Investment advisers are falling short of regulatory requirements regarding the sale of investments to clients out of the advisers' own accounts, the Securities and Exchange Commission warned this week.
In a Wednesday risk alert from the Office of Compliance Inspections and Examinations, the agency said it has noticed advisers engaging in principal trading without following the strict rules governing such transactions. Problems also have cropped up when advisers arrange trades between clients and affiliated brokers, which is known as agency cross-selling.
"Advisers did not make the required written disclosures to the clients or obtain the required client consent," the risk alert states.
Clients potentially can be harmed in principal trading because advisers have an incentive to make money for their own accounts that could reduce the return for their clients.
This situation can occur when an adviser dips into her own inventory of fixed-income products or illiquid securities or when she sells investments in a private fund in which she has at least 25% control.
The SEC doesn't prohibit principal trading but it does require advisers to disclose conflicts of interest and get client approval in writing on a transaction-by-transaction basis.
"It's a heavy lift," said Gail Bernstein, general counsel at the Investment Adviser Association. "The SEC wants to make sure it puts protections around that conflict."
[Recommended video: What makes ETFs a great structure for innovation?]
Principal trading is mostly associated with broker-dealers, who sometimes keep their own inventory of investment products and sell them to customers. But the SEC alert indicates that investment advisers also are engaging in the practice.
Adviser disclosure forms filed in April show that 1,032 advisers conducted principal transactions this year, according to statistics compiled by the IAA.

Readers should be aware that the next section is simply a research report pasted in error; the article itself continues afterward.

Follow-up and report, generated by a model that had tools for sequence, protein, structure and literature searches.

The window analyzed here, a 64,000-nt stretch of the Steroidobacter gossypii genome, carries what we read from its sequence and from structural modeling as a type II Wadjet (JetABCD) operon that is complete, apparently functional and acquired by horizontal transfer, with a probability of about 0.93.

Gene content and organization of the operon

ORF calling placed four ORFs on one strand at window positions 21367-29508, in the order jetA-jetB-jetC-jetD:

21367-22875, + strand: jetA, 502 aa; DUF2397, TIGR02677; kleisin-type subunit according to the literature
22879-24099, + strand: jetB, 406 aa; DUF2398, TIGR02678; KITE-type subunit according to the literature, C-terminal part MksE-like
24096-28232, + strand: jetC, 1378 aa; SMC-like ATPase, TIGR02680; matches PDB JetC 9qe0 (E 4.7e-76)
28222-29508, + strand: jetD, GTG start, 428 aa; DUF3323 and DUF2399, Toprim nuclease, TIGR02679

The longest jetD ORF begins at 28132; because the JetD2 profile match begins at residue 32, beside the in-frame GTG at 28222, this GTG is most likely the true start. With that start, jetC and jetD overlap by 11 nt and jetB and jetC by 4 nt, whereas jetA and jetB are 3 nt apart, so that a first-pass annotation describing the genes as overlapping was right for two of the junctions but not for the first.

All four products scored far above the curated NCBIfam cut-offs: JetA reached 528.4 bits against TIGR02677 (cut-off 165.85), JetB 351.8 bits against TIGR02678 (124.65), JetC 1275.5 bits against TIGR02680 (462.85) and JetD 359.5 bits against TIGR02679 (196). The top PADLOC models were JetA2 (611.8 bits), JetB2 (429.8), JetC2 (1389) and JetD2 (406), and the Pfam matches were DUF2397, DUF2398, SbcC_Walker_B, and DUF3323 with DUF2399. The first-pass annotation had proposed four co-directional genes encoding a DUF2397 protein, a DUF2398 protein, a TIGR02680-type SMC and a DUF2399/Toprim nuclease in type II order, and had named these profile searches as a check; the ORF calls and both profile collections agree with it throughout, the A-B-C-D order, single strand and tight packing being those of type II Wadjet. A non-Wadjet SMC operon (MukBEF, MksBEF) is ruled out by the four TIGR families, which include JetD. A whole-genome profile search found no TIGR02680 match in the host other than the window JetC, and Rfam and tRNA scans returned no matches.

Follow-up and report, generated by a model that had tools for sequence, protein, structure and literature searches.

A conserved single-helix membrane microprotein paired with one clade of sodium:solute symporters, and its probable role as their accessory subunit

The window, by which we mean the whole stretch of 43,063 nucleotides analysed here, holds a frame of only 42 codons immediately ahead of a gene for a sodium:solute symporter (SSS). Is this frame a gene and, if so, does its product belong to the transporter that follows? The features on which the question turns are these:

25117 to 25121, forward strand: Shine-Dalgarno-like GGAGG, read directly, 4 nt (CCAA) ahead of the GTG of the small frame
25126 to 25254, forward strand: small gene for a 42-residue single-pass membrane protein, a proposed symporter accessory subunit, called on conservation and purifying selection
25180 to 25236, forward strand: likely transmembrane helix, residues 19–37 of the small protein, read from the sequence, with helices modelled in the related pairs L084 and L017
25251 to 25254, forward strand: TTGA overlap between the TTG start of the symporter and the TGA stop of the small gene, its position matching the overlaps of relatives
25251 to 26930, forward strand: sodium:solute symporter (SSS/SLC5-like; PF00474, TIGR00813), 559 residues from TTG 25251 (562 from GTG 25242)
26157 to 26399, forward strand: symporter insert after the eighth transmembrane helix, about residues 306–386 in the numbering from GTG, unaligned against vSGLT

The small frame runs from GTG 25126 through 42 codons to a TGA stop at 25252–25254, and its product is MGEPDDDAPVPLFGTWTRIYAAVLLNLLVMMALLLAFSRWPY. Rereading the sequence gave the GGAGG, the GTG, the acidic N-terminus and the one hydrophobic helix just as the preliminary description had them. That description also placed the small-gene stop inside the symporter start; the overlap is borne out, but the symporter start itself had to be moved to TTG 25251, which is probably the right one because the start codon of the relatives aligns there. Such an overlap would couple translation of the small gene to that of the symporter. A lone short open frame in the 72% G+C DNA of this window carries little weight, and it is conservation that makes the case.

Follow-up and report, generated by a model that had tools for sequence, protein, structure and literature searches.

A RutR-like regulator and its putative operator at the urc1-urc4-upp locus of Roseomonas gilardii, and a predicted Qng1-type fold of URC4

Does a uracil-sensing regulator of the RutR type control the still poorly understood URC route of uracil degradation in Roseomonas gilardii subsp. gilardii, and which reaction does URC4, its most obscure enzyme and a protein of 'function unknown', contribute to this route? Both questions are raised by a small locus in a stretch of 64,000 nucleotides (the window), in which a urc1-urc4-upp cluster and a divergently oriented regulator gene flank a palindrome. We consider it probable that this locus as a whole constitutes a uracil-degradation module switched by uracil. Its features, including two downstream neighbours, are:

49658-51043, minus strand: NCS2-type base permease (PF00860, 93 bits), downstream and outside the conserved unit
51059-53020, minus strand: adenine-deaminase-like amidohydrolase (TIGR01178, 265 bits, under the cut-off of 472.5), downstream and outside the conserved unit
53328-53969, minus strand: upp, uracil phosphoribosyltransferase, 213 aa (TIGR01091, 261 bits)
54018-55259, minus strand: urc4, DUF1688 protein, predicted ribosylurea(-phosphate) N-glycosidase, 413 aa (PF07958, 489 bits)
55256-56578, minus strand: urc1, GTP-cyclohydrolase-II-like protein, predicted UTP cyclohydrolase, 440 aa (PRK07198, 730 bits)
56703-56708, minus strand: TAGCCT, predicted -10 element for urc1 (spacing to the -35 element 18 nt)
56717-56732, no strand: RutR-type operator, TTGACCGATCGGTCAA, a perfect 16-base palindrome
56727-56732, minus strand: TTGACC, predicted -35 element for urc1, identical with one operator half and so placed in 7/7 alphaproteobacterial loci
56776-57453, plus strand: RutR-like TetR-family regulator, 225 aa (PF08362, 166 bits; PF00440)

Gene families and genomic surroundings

The IAA analysis also shows that 399 advisers conducted agency cross transactions with affiliated brokers. There were 12,993 investment advisers registered with the SEC as of April.
"Clearly this is happening and [advisory] firms aren't recognizing it," said G.J. King, president of RIA in a Box, a compliance consulting firm. "Systems and controls need to be in place to ensure personal accounts for advisers are closely monitored and reviewed to identify potential principal trading issues."
Advisers need to understand the intricacies surrounding principal trading, said Todd Cipperman, principal at Cipperman Compliance Services.
"Assuming you're doing the right thing and assuming you're a good person doesn't mean you're complying with the rules," Mr. Cipperman said. "It's not intuitive to know that principal transactions require disclosure and consent."
In fact, it goes beyond that, according to the SEC's alert. A footnote states that under the agency's recent interpretation of the standard of conduct for investment advisers, an investment adviser has the responsibility to select a broker-dealer who will provide best execution of client trades.
"Just because you've checked the box on each of the specific requirements [for principal trading], that's not the end of your review of the transaction," Ms. Bernstein said.